For any movie buff, the simple thought of putting "All the King's Men" on the same level than "Citizen Kane" is a blasphemy but I'm not afraid to say it: once you see both movies, you realize how much they have in common and how sometimes the humblest "All the King's Men" slightly beats Orson Welles' masterpiece in its portrayal of power's corruptive effect. So, the title might sound derogatory but it's not meant that way.
"Citizen Kane" was about a man with guts and vision, who got so alienated by his obsession to be the voice of people that he ultimately lost his touch with people and ended up miserably with no connection whatsoever with his cherished past. He was misunderstood, but he had it coming. "All the King's Men" is a character study chronicling the same psychological process but rhyming this time with success, it's about a Southern politician named Willie Stark who never forgot where he came from and never lost his touch, which made him even more dangerous.
The story is adapted from a Pulitzer-prize winning novel of the same title written by Robert Penn Warren, and based on the rise and fall of the legendary populist politician Huey Long. The ascension of Willie Stark, played by a mesmerizing Broderick Crawford, is a fictionalization of Long's life and one of the most powerful political movies ever made, for the simple reason that it hasn't lost any of its relevance, as long as politics exist, there will be men like Stark. Yesterday, France was shaken by the victory of French Populist Party in the European elections, politicians acted surprised while they could have seen it coming. Basically, the winners spoke the people's language.
It's as simple as that, you've got to put yourself in people's shoes and it's not any politician who can accomplish it. Some see their vocations as something that elevated them above the crowd, they're not leaders but prophets allowing people to embrace their own visions, but men like Willie Stark are within the crowd, not above it. The pivotal moment occurs when after failing attempts to seduce people by talking about fiscal measures and other non-inspirational stuff, good old honest Willie Stark, understands he was the puppet of his own detractors, gets drunk, tears up his paper and enraged by his own anger, gives one of these great roaring speeches tailor-made for the big screen.
And the film, directed by Robert Rossen, features the kind of editing the genre requires, crowd close-ups, big headlines, and an unforgettable gallery of flawed characters, starting with the protagonist himself, Willie Stark, who starts out as a nice and honest fellow, struggling to raise his voice, a man of the people, and undeniably for the people, a man revered by the journalist played by John Ireland, but whose rise to power's collateral damage will be a decline of honesty. Power would plant the seeds of a cynical mind. "All the King's Men" starts like a Capra film but ends in a film-noir mood. After World War II, world turned out to be more disillusioned and cynical for "Mr Smith" figures, and it's only voices like Willie Stark's that can be heard.
Indeed, good old Ma Joad said 'we're the people', but in 1949, only Stark could make this statement audible, embodying in his huge body and larger-than-life personal those "Grapes of Wrath". And once Stark realized he had a natural charisma and capability to move the crowds, it's like Forrest Gump's braces breaking, the repressed ego finally implodes to the face of the political scene and from respect, the eyes and hearts are fueled with admiration and fear, starring with his titular inner circle, Mercedes McCambridge plays a sort of Jean Hagen-like character, going from antagonist to main counselor, she delivers her first and greatest (rightfully Oscar-winning) performance as a little woman with the toughest heart, venting her lack of seducing appeal in her infatuation with Stark.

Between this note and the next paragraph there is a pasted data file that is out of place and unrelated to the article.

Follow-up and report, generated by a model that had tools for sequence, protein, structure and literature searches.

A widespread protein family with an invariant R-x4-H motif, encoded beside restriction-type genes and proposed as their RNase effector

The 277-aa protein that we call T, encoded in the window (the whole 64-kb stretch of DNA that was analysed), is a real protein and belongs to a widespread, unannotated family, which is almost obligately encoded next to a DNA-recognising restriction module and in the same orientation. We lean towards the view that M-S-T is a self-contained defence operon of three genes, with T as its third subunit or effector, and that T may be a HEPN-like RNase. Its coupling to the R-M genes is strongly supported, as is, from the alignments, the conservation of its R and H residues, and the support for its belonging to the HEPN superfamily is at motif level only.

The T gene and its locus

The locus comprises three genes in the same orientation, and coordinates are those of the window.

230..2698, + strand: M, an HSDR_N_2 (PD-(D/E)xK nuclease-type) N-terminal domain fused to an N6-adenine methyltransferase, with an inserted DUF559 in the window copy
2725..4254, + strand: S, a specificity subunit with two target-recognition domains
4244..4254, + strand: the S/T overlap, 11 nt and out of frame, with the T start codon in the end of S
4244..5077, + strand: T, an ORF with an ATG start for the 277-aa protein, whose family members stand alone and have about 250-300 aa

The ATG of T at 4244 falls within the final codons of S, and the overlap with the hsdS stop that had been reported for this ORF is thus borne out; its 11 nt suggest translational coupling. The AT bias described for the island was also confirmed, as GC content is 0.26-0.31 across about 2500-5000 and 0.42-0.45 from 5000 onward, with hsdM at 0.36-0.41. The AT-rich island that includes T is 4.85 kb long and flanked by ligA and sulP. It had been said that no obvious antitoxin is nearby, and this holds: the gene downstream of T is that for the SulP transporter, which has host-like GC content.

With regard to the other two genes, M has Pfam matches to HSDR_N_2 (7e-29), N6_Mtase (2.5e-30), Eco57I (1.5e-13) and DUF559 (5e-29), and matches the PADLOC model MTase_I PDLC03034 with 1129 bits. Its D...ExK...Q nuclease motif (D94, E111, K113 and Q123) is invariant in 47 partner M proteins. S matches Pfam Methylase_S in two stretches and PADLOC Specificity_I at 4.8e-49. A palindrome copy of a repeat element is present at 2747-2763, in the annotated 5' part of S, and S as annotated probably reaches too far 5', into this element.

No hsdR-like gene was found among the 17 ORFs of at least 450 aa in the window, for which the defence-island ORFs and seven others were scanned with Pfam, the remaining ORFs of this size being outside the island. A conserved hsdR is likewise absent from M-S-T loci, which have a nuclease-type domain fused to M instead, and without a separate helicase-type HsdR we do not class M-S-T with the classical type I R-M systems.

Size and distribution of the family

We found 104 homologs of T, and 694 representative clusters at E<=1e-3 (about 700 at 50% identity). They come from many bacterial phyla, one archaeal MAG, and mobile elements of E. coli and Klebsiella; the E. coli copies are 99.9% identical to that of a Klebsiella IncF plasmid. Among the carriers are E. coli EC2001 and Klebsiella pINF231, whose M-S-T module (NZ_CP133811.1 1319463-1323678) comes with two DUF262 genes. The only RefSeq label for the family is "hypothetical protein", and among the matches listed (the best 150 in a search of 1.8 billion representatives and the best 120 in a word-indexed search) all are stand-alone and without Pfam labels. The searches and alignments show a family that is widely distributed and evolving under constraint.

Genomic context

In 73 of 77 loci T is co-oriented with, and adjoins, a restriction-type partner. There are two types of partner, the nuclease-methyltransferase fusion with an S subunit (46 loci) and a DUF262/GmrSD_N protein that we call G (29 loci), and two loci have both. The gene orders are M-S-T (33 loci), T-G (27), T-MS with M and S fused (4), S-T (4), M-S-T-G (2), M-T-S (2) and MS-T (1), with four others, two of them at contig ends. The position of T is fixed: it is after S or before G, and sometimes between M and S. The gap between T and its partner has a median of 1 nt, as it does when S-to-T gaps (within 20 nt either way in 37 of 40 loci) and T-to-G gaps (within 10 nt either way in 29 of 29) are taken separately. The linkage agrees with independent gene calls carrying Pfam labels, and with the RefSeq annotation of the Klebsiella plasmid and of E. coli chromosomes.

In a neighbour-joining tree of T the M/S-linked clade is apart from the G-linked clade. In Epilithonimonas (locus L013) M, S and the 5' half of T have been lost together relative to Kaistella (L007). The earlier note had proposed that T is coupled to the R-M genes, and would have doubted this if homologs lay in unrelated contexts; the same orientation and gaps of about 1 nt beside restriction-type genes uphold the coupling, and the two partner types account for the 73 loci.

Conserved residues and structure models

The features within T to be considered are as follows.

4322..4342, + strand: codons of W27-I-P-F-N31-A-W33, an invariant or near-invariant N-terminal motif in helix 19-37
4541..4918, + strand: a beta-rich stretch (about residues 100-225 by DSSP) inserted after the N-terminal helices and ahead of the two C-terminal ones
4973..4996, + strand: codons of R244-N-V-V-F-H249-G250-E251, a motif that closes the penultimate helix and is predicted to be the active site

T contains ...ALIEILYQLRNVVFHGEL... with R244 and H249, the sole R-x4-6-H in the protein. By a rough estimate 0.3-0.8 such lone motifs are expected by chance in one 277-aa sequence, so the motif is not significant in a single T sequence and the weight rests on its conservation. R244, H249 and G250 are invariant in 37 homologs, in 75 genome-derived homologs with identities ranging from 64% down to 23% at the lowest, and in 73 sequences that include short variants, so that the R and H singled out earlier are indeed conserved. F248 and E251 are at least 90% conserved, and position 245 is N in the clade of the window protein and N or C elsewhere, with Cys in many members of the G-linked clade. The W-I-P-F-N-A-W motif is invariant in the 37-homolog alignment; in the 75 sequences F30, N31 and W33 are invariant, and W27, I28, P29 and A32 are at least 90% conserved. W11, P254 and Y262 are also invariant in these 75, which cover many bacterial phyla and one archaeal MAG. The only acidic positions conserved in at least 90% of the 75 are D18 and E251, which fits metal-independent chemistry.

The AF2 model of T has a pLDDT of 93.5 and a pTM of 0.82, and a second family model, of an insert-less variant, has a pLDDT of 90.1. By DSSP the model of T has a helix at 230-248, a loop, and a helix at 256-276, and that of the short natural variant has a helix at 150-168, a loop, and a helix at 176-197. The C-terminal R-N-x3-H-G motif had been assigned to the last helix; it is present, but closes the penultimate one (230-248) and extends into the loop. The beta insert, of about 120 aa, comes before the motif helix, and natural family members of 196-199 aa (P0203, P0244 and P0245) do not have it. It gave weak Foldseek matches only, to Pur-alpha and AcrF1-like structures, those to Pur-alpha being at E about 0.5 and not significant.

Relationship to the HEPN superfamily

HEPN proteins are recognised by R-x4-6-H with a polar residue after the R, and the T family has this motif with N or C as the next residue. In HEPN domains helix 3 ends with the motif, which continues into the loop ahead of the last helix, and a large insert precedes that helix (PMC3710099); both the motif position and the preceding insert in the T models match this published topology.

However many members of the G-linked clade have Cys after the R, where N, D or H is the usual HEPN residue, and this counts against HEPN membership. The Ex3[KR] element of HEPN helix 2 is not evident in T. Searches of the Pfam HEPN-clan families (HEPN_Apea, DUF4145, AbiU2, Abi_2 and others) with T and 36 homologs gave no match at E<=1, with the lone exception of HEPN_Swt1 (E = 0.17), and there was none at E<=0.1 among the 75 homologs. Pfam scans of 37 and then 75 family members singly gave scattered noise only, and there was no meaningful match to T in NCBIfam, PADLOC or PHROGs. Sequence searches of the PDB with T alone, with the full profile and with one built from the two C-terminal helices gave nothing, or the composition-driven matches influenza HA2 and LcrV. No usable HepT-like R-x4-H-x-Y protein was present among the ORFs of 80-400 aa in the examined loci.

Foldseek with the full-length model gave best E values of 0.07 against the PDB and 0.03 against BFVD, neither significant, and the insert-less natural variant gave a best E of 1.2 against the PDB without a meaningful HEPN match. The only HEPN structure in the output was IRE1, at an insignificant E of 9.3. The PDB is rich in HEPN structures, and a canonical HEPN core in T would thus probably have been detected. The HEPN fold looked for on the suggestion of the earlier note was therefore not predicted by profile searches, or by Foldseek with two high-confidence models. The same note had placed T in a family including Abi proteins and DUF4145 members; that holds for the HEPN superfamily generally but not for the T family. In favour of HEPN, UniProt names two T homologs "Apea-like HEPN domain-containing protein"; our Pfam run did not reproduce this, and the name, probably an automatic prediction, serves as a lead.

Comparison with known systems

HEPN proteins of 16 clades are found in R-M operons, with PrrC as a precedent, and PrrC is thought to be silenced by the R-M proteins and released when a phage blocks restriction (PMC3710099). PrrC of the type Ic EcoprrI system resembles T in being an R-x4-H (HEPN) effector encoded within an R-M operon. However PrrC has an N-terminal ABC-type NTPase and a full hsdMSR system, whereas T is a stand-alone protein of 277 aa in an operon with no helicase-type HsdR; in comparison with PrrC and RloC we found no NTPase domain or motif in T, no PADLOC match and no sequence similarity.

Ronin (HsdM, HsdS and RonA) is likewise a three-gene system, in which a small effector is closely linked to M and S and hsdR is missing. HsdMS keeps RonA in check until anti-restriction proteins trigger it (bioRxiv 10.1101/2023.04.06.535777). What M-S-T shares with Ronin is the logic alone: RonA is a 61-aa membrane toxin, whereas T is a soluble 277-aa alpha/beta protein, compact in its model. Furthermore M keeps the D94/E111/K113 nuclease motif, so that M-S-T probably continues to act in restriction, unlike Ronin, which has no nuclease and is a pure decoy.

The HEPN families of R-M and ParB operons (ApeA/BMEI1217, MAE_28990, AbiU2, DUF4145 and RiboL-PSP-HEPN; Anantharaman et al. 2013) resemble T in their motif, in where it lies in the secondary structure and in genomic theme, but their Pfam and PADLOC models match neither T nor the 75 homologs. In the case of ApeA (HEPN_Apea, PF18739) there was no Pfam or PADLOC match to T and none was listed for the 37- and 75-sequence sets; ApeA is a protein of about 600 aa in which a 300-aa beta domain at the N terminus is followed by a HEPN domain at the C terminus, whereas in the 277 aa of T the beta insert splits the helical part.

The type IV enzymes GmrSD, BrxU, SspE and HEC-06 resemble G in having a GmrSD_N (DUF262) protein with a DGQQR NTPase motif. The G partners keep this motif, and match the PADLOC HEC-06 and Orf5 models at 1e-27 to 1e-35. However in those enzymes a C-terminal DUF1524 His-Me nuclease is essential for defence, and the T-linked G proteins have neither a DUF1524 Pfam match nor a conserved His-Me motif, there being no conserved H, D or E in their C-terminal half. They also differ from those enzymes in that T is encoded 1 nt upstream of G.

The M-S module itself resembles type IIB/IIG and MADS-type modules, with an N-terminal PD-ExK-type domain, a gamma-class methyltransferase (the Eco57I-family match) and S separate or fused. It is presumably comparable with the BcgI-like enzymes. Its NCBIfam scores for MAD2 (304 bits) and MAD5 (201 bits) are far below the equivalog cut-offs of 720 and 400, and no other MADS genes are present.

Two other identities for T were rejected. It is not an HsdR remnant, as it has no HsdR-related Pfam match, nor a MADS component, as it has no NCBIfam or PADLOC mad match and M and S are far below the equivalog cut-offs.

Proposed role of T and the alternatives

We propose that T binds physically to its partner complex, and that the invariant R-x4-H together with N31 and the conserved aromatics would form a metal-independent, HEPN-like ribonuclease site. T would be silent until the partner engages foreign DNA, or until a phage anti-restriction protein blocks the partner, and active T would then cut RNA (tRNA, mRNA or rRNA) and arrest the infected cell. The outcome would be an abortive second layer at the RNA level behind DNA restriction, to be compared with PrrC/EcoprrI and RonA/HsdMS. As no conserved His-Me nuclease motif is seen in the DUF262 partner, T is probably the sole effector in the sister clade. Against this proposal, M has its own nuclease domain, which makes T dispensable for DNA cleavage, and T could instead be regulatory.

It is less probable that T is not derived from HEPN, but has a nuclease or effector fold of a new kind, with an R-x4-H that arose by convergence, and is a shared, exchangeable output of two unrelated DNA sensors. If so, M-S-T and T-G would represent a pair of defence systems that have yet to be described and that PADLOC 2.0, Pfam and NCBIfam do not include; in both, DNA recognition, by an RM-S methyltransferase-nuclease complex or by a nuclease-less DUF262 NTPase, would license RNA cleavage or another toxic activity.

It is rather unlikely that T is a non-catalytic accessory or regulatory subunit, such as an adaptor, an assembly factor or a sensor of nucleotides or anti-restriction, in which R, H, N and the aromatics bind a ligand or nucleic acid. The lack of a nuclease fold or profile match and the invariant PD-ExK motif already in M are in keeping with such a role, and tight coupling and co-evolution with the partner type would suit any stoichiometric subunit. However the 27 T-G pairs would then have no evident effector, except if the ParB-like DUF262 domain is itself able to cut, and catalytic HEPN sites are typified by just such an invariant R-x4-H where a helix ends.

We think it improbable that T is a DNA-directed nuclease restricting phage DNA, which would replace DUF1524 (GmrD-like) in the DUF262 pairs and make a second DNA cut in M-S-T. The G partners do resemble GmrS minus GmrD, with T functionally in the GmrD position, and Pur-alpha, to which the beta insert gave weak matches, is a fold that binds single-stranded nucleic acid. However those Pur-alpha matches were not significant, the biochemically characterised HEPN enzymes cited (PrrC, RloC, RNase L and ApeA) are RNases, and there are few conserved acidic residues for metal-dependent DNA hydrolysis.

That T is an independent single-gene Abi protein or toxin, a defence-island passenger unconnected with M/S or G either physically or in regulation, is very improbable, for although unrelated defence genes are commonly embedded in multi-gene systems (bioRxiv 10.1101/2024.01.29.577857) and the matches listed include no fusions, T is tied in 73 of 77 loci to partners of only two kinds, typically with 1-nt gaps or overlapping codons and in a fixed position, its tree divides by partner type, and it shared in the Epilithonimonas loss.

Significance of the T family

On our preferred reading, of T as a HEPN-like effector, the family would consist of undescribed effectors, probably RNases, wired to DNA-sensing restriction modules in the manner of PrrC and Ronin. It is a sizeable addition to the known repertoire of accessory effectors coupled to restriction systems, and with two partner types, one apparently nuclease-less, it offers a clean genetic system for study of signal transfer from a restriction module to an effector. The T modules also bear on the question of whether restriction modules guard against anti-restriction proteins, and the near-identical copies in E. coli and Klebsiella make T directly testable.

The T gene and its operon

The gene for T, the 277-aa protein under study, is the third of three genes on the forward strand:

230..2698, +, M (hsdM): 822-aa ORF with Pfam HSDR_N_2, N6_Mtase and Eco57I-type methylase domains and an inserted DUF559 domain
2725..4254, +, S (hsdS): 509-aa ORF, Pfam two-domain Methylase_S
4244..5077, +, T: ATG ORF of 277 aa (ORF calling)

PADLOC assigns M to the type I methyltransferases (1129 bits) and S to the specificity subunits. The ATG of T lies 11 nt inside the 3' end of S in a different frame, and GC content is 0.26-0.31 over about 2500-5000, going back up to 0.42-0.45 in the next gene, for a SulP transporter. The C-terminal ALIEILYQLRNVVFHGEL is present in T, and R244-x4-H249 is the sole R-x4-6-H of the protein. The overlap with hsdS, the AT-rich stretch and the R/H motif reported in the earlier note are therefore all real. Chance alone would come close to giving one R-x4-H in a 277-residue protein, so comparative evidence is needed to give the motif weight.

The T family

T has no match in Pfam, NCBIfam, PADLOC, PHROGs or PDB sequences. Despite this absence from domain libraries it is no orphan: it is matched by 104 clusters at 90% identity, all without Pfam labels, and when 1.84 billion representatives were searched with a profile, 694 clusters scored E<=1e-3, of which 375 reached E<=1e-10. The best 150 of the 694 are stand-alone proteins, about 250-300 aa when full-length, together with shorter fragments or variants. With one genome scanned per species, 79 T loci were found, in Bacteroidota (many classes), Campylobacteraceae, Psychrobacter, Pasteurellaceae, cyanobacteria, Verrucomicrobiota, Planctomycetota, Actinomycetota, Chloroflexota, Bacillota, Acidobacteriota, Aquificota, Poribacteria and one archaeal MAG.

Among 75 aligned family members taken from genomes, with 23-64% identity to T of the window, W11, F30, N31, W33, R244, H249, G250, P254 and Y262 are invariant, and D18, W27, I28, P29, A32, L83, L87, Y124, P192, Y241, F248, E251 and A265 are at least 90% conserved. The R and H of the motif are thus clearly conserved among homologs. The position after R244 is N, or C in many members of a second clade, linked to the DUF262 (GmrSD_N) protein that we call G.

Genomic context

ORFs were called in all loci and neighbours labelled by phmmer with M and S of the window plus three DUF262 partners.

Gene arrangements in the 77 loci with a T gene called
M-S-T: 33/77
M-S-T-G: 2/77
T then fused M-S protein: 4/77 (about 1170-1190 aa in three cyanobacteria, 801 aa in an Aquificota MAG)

The rest of the cast includes Joanne Dru as Ireland's girlfriend, she's literally blown away by Stark's appeal and although her performance might be the one aspect of the film I disliked (God, how many times she had to turn her head theatrically!) the twist in her character –in all the meanings of the words- was quite gutsy and politically incorrect for its time. And there's Broderick Crawford as Stark, in the role of a lifetime, earning him the Oscar for Best Actor. My other favorite performance from him is in Fellini's "Il Bidone" and it's quite ironic and befitting that he played a swindler in the film, while Rossen would also direct another classic and favorite of mine "The Hustler", after all, isn't a politician a kind of hustler with power as the pay-off?
But I'm still puzzled with Stark's character (this is how fascinating he is): did he turn into a bad guy or was he prone to corruption from the very beginning, it's hard to tell, but some of his insightful thoughts say a lot about his vision of politics: "good comes from evil" "but, who defines evil?" retorts one of the film's reasonable minds. Stark doesn't care, as long as he builds roads, schools, hospitals, as long as he puts his state on the maps, and allow people to stop seeing themselves as hicks, he'll believe in anything he says and does. Tyranny? Dictatorship? Well, we live in a Macchiavellian world where ends justify the means, but as the narrative progresses, we're in the eye of the tornado and can't see if power is an end or a mean for Stark.
And maybe this is the power of "All the King's Men", Best Picture winner in 1950, a powerful film about power
even more because it has the kind of straight-forward appeal as if it deliberately embraced the simplicity of the very people targeted by Stark... hence my title as the poor man's "Citizen Kane".